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Preschool or child care – what's right for your family?
Whether your child has been in child care since they were a small baby, or they have been at home for the first few years of their life, when they reach three years old many parents start to consider the possibility of their child attending preschool and their journey into formal education. But what is the difference between a preschool and a child care centre, and which is right for you?

Preschool


Preschool is an early education environment geared for three to six year olds – those children who are beyond the toddler years but aren't old enough to start school.

Preschools follow similar hours to regular schooling – 9am to 3pm – and are closed for school holidays. Children usually attend two or three days a week, depending on their age.

Food is normally provided by the parent, and many preschools require children to be out of nappies before they start.

A preschool is usually based locally, and may be run by community organisations, church or local government. Others are attached to primary schools, some being affiliated to particular teaching philosophies, such as Montessori or Steiner.

Community-based preschools are often managed by the parents of children attending, which emphasises the community focus, and can be a great place to build local networks and support circles.

Preschools follow the minimum staffing levels set out by the National Regulation – one staff member to every eight children aged between two to three years, and one staff member for every ten children between three to six years.

A preschool can ease a child into the world of education gently – the curriculum is usually about laying the groundwork for a good start to school, and the hours and format is often similar to that of a kindergarten classroom.

If you are claiming Child Care Benefit (CCB) check with the preschool that they are registered child care provider to ensure you continue to claim the benefit. You cannot claim Child Care Rebate (CCR) for a preschool.

Long day care centre


Long day care centres are open 50 weeks of the year and operate 7.30am to 6pm, making them a popular choice for those parents working full time. Usually privately owned, day care centres first and foremost are focused on meeting a child's day-to-day requirements. Many offer food and nappies, and will provide sleeping facilities for all ages of children.

A good long day care centre will offer an early learning component in all rooms, and preschool program in the rooms for children ages 3 to 6. Because regulations in Australia are high, these programs should be provided within the Early Years Learning Framework (EYLF) and be provided by a qualified teacher.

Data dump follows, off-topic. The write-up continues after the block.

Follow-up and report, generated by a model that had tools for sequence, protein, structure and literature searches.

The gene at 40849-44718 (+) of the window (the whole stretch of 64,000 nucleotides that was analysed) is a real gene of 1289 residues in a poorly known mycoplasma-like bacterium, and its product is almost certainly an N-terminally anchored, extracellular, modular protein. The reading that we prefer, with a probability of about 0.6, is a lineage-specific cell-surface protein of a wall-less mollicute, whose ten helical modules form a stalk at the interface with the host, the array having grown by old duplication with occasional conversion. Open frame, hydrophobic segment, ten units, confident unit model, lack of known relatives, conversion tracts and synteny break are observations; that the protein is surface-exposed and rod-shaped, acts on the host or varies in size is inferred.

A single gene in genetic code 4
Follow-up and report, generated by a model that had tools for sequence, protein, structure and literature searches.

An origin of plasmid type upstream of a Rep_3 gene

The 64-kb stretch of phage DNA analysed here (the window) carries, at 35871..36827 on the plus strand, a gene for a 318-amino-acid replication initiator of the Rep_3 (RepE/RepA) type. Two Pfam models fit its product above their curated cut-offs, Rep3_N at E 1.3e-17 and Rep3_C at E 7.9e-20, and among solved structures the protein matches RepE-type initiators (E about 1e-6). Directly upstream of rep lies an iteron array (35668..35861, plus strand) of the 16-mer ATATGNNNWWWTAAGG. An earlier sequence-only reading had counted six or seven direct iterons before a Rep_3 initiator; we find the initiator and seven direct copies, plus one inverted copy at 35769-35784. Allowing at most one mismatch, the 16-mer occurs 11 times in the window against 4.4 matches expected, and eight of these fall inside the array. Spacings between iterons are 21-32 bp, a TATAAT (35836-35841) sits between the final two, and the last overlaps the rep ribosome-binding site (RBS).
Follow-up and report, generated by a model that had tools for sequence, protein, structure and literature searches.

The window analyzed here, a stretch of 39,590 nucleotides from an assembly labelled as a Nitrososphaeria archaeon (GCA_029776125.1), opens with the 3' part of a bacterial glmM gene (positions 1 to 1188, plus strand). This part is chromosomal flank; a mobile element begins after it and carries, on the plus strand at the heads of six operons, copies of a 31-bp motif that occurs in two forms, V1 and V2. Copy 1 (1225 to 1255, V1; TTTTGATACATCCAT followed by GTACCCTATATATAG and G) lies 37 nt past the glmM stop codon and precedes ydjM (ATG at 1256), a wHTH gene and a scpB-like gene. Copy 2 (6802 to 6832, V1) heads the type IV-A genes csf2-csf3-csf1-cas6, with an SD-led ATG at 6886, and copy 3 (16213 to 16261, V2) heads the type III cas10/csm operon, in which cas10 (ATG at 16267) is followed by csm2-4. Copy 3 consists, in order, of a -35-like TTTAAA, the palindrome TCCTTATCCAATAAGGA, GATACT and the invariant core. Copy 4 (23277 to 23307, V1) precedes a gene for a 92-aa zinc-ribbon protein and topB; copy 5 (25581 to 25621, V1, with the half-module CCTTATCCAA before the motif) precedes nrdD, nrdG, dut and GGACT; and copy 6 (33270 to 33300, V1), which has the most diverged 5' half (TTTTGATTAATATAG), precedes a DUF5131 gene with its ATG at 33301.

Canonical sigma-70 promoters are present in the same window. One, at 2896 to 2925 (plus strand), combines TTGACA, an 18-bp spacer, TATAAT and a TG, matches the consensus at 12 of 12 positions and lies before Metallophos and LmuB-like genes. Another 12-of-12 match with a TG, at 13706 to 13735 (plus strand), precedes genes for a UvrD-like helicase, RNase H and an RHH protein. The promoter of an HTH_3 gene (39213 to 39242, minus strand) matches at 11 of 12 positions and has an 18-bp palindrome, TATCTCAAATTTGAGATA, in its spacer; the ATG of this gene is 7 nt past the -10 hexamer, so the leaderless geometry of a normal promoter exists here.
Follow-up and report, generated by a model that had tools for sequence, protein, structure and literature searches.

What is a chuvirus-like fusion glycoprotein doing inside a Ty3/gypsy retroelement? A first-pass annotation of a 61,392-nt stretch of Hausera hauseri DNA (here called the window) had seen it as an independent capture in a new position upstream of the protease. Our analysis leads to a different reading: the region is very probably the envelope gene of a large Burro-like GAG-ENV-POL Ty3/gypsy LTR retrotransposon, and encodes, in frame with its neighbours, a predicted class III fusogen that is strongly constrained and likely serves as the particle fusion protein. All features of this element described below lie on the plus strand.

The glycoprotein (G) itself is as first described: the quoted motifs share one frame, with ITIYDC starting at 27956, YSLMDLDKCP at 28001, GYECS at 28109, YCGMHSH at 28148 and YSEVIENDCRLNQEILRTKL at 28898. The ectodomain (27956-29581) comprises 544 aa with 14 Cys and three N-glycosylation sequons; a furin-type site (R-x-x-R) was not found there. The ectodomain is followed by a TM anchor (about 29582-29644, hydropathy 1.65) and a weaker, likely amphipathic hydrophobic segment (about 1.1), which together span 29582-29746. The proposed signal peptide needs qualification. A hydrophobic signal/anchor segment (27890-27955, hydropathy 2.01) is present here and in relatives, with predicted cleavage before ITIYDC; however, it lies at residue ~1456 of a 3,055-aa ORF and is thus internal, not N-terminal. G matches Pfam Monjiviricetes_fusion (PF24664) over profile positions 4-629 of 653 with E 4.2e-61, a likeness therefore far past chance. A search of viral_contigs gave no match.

The programs can vary greatly, so check with the centre on their individual program and whether it meets your expectations and your child's needs. Also check with what experience and qualifications staff members have.

Most long day care centres are approved child care services, which means you can claim both the Child Care Benefit (CCB) and Care Rebate (CCR) for their services if you are eligible.

Which is right for you?


A long-term study of 3000 Australian children found that preschools offer 'significantly higher quality' than long day care. However, all care facilities – preschools and long day care centres – are rated under the National Quality Framework (NQF), which is there to improve and standardise the quality of child care. Because of this, the standard at long day care is still high.

Though the daily routine at long day care might be more focused on the day-to-day care of the child, rather than the school readiness, for children not yet toilet trained or those that still need day-time naps, a long day care preschool program might be the better solution. And, if a child is already settled in a long day care centre, with friends and a connection to the carers, keeping them at the same centre also is less upheaval for the child. Plus, due to the hours and school holiday breaks, pure preschools are often only a viable choice for those parents who are at home, or have flexible working options.

However, if you have that flexibility and wish to give your child a good grounding for their start in formal education, a preschool could offer you the perfect solution.

At the end of the day, both are great options, and often the decision is down to practicality and convenience, and what is right for your child.

If you are looking for long day care or preschool available in your area, try our handy childcare search.
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